Chapter XIX. Country Life Around Athens

169. Importance of his Farm to an Athenian. - We have followed the doings of a typical Athenian during his ordinary activities around the city, but for the average gentleman an excursion outside the town is indispensable at least every two or three days, and perhaps every day. He must visit his farm; for his wealth and income are probably tied up there, rather than in any unaristocratic commercial and manufacturing enterprises. Homer's "royal" heroes are not ashamed to be skilful at following the plow[*]: and no Athenian feels that he is contaminating himself by "trade" when he supervises the breeding of sheep or the raising of onions. We will therefore follow in the tracks of certain well-to-do citizens, when we turn toward the Itonian gate sometime during the morning, while the Agora is still in a busy hum, even if thus we are curtailing our hypothetical visits to the Peireus or to the bankers.

[*]See Odysseus's boasts, "Odyssey," XVIII. 360 et passim. The gentility of farming is emphasized by a hundred precepts from Hesiod.

170. The Country by the Ilissus: the Greeks and Natural Beauty. - Our companions are on horseback (a token of tolerable wealth in Athens), but the beasts amble along not too rapidly for nimble grooms to run behind, each ready to aid his respective master. Once outside the gate the regular road swings down to the south towards Phalerum; we, however, are in no great haste and desire to see as much as possible. The farms we are seeking lie well north of the city, but we can make a delightful circuit by skirting the city walls with the eastern shadow of the Acropolis behind us, and going at first northeast, along the groves and leafy avenues which line the thin stream of the Ilissus,[*] the second "river" of Athens.

[*]The Ilissus, unlike its sturdier rival, the Cephisus, ran dry during the summer heats; but there was enough water along its bed to create a dense vegetation.

Before us through the trees came tantalizing glimpses of the open country running away towards shaggy gray Hymettus. Left to itself the land would be mostly arid and seared brown by the summer sun; but everywhere the friendly work of man is visible. One can count the little green oblong patches, stretching even up the mountain side, marked with gleaming white farm buildings or sometimes with little temples and chapels sacred to the rural gods. Once or twice also we notice a plot of land which seems one tangled waste of trees and shrubbery. This is a sacred "temenos," an inviolate grove, set apart to some god; and within the fences of the compound no mortal dare set foot under pain of direful sacrilege and pollution.

Following a kind of bridle path, however, we are soon amid the groves of olive and other trees, while the horses plod their slow way beside the brook. Not a few citizens going or coming from Athens meet us, for this is really one of the parks and breathing spaces of the closely built city. The Athenians and Greeks in general live in a land of such natural beauty that they take this loveliness as a matter of course. Very seldom do their poets indulge in deliberate descriptions of "beautiful landscapes"; but none the less the fair things of nature have penetrated deeply into their souls. The constant allusions in Homer and the other masters of song to the great storm waves, the deep shades of the forest, the crystal books, the pleasant rest for wanderers under the shade trees, the plains bright with spring flowers, the ivy twining above a grave, the lamenting nightingale, the chirping cicada, tell their own story; men seldom describe at length what is become warp and woof of their inmost lives. The mere fact that the Greeks dwell CONSTANTLY in such a beautiful land, and have learned to love it so intensely, makes frequent and set descriptions thereto seem trivial.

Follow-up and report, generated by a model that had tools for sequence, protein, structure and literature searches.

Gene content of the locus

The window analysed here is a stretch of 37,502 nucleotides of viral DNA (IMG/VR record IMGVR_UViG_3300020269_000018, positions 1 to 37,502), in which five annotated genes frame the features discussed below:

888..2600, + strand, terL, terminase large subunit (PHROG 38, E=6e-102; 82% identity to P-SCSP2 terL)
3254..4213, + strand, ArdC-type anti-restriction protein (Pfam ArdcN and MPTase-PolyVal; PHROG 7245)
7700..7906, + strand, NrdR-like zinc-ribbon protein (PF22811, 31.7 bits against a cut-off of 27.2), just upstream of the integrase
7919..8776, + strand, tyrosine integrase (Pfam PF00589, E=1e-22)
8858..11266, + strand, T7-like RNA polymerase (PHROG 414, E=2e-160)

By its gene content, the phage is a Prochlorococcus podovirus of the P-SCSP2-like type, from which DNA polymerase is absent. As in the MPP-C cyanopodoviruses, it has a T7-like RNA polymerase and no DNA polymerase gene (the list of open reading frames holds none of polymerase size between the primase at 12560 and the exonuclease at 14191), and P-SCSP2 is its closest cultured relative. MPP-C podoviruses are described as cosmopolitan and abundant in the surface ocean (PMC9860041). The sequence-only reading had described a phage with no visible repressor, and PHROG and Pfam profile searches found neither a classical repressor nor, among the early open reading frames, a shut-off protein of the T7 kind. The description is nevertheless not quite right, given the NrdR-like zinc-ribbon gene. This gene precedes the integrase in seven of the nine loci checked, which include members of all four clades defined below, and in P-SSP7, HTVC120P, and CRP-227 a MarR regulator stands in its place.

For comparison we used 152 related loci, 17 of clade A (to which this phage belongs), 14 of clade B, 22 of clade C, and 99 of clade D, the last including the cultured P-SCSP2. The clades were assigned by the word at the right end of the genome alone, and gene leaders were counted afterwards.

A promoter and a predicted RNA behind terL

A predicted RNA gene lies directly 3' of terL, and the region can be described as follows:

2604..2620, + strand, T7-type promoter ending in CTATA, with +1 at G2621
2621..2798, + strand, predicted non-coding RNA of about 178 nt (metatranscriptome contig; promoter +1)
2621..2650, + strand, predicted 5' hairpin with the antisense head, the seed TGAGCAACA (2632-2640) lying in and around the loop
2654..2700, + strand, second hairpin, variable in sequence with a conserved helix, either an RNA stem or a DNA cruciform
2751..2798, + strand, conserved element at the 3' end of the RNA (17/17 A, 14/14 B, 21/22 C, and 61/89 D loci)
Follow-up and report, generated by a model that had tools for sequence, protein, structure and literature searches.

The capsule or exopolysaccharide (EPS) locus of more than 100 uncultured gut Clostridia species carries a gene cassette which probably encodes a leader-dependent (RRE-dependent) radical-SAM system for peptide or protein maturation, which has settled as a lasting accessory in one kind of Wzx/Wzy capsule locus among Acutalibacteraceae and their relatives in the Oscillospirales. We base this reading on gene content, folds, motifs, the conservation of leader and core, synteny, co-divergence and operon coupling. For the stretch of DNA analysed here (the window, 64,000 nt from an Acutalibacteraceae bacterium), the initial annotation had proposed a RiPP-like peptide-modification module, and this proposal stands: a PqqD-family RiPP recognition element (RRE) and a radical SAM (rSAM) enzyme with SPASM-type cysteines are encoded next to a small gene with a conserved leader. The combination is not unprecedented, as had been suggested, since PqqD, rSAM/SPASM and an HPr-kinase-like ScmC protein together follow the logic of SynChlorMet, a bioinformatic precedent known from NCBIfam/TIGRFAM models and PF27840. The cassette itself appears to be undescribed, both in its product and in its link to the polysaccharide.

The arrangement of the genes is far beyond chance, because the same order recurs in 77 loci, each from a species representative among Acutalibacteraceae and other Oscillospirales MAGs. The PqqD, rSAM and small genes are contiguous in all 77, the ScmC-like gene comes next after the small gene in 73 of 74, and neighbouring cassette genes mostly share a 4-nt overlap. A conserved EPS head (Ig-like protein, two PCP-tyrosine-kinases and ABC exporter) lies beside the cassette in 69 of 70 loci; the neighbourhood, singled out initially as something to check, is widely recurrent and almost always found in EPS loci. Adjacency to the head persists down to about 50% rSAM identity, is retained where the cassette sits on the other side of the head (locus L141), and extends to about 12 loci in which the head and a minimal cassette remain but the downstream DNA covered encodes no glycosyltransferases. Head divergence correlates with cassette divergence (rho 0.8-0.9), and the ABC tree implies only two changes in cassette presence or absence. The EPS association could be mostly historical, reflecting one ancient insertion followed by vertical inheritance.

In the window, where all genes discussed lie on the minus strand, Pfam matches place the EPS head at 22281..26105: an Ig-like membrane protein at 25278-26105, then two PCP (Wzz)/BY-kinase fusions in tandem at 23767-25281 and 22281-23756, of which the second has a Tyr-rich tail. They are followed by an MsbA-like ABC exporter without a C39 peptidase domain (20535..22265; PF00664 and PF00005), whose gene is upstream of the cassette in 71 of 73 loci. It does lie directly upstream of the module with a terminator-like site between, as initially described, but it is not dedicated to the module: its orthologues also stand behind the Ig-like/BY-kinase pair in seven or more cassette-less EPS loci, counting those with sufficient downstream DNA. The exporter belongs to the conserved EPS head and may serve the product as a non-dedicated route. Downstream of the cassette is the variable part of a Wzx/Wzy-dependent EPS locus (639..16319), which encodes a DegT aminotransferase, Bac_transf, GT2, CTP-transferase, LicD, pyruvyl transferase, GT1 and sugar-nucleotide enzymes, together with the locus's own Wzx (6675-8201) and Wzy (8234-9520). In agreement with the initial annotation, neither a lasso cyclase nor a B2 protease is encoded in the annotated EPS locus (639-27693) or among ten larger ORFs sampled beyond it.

171. Plato's Description of the Walk by the Ilissus. - Nevertheless occasionally this inborn love of the glorious outer world must find its expression, and it is of these very groves along he Ilissus that we have one of the few "nature pieces" in Athenian literature. As the plodding steeds take their way let us recall our Plato - his "Phoedrus," written probably not many years before this our visit.

Socrates is walking with Phedrus outside the walls, and urges the latter: "Let us go to the Ilissus and sit down in some quiet spot." "I am fortunate," answers Phedrus, "in not having my sandals on, and, as you never have any, we may go along the brook and cool our feet. This is the easiest way, and at midday is anything but unpleasant." He adds that they will go on to the tallest plane tree in the distance, "where are shade and gentle breezes, and grass whereon we may either sit or lie.... The little stream is delightfully clear and bright. I can fancy there might well be maidens playing near [according to the local myth of Boreas's rape of Orithyia]." And so at last they come to the place, when Socrates says: "Yes indeed, a fair and shady resting place it is, full of summer sounds and scents. There is the lofty and spreading plane tree, and the agnus castus, high and clustering in the fullest blossom and the greatest fragrance, and the stream which flows beneath the plane tree is deliciously cool to the feet. Judging by the ornaments and images [set] about, this must be a spot sacred to Achelous and the Nymphs; moreover there is a sweet breeze and the grasshoppers are chirruping; and the greatest charm of all is the grass like a pillow, gently sloping to the head."[*]

[*]Jewett, translator; slightly altered.